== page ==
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Bupivacaine Versus Lidocaine Local Anesthesia

The safety and scientific validity of this study is the responsibility of the study sponsor and investigators. Listing a study does not mean it has been evaluated by the U.S. Federal Government. Read our disclaimer for details. Identifier: NCT01751347
Recruitment Status : Completed
First Posted : December 18, 2012
Last Update Posted : December 14, 2015
Information provided by (Responsible Party):
University of British Columbia

Brief Summary:

The use of local anesthetics has become an important aspect of pain management in surgical settings and is currently recommended in pain management guidelines.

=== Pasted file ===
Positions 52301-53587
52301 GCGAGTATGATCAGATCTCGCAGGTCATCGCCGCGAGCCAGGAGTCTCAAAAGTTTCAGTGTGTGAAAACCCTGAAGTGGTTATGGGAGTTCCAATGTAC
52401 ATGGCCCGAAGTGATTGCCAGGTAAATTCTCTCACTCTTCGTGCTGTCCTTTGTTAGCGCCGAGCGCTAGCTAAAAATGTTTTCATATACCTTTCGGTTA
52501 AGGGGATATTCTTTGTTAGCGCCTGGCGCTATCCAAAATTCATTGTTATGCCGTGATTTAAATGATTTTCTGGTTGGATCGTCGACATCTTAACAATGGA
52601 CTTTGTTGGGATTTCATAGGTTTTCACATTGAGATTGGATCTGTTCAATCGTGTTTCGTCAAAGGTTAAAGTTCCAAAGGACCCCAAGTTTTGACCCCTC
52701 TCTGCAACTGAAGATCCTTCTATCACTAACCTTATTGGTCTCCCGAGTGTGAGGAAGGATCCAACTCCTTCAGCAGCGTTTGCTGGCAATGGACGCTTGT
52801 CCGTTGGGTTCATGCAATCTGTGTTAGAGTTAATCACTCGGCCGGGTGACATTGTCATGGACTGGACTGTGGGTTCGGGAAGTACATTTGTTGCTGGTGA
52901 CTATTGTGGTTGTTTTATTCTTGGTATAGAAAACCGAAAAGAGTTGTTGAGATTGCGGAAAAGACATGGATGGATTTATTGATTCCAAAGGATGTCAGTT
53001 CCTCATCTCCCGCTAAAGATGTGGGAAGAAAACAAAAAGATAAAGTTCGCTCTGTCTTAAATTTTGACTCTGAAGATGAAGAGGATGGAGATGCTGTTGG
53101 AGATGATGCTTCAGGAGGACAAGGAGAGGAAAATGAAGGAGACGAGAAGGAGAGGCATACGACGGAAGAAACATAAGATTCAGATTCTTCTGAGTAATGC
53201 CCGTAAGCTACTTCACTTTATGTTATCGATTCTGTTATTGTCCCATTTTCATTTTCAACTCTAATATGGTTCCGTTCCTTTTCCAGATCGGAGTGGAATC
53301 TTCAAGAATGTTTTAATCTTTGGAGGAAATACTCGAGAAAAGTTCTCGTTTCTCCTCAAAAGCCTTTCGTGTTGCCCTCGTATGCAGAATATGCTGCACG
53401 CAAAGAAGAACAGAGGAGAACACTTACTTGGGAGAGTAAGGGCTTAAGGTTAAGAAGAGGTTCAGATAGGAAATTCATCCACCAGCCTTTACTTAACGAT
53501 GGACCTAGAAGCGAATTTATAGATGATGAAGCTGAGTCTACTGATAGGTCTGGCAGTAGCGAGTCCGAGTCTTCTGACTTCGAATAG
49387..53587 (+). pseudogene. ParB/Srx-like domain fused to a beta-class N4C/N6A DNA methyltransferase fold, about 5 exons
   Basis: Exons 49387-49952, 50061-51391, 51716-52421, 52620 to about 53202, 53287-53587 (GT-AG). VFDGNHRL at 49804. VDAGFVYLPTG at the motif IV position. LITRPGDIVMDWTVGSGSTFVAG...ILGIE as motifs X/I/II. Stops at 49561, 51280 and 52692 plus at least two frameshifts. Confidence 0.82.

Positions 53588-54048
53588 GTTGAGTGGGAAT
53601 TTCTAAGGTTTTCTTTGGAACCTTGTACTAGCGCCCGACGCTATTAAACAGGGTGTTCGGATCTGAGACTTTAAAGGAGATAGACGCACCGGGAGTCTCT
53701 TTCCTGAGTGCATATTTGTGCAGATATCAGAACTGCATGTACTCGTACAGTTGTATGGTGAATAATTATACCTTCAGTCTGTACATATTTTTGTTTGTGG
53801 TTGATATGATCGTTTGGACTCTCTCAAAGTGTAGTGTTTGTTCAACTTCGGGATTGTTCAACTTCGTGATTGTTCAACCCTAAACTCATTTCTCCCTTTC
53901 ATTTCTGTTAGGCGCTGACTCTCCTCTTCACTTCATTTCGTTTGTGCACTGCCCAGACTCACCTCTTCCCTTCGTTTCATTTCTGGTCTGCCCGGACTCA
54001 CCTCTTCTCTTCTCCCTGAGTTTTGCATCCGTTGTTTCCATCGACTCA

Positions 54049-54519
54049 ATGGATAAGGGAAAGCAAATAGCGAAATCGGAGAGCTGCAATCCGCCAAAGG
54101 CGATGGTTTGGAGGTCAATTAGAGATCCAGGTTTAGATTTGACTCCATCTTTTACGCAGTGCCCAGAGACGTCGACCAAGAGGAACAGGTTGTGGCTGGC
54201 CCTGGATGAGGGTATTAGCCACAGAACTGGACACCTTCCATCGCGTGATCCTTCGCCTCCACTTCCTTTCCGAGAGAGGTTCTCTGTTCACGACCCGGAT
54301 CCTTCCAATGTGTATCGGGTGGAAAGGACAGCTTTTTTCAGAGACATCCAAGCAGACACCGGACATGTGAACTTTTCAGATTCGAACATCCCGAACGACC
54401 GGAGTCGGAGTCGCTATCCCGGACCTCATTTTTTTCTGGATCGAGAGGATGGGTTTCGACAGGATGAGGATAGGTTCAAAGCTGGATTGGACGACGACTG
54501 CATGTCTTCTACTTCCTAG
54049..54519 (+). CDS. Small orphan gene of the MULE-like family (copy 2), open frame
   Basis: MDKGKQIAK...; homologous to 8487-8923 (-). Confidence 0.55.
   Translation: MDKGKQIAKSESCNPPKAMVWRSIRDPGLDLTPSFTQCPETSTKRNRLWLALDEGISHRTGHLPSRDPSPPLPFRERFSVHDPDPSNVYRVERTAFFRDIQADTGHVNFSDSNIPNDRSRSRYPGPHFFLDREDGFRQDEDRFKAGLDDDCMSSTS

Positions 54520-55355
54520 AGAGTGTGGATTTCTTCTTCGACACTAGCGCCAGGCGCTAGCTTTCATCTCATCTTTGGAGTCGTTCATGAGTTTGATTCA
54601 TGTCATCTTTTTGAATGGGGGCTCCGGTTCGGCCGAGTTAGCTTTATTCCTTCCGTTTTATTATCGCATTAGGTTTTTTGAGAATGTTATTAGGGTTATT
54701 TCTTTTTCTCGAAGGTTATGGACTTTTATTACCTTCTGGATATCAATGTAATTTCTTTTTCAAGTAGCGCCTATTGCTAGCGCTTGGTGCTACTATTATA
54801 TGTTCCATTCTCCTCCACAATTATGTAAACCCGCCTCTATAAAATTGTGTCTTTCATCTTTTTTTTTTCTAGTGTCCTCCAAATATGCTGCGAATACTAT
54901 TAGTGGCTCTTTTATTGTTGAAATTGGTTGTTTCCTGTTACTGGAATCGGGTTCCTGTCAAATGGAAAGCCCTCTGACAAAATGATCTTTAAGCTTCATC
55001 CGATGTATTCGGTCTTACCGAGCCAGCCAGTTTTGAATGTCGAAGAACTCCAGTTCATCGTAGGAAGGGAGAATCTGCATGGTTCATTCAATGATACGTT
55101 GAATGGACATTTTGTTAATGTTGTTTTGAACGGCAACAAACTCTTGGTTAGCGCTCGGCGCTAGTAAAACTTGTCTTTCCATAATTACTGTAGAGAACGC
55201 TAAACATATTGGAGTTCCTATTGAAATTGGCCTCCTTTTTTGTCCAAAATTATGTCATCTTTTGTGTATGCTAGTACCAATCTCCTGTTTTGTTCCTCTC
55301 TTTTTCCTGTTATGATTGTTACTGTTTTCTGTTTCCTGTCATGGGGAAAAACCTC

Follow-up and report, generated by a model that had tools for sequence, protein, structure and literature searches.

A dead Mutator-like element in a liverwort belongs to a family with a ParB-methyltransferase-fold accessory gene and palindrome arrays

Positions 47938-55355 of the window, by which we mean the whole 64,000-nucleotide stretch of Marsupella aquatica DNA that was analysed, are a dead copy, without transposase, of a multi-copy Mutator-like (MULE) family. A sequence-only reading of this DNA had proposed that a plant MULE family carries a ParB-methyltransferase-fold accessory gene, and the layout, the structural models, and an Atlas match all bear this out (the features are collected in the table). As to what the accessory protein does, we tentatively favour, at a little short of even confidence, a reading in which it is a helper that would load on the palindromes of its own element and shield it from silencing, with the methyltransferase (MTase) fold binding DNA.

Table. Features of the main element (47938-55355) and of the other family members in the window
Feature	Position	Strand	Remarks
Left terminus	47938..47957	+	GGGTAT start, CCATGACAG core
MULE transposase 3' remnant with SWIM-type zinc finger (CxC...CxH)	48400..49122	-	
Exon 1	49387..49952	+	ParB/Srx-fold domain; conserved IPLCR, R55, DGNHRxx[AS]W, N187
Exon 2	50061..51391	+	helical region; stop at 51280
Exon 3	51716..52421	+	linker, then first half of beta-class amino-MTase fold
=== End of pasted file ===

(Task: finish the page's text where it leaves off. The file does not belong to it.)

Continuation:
Elective outpatient hand surgeries, such as carpal tunnel or trigger finger release, cause minimum tissue disruption and are short in duration. As a result, these local anesthetic agents are a major component in post-operative pain control. The most commonly used local anesthetic agents are Lidocaine and Bupivacaine. Lidocaine acts faster (within 2-5 minutes of injection) and for this reason is often favored in outpatient setting for pre-incisional injection. However its effects only last up to 2 hours, without epinephrine, and 3 hours, with epinephrine. On the other hand, Bupivacaine, has a slower onset of action (about 5-10 minutes after injection) but its effects last much longer, for about 4-8 hours. The delay in onset of action makes it a less popular option as a primary source of local anesthesia in outpatient hand surgery.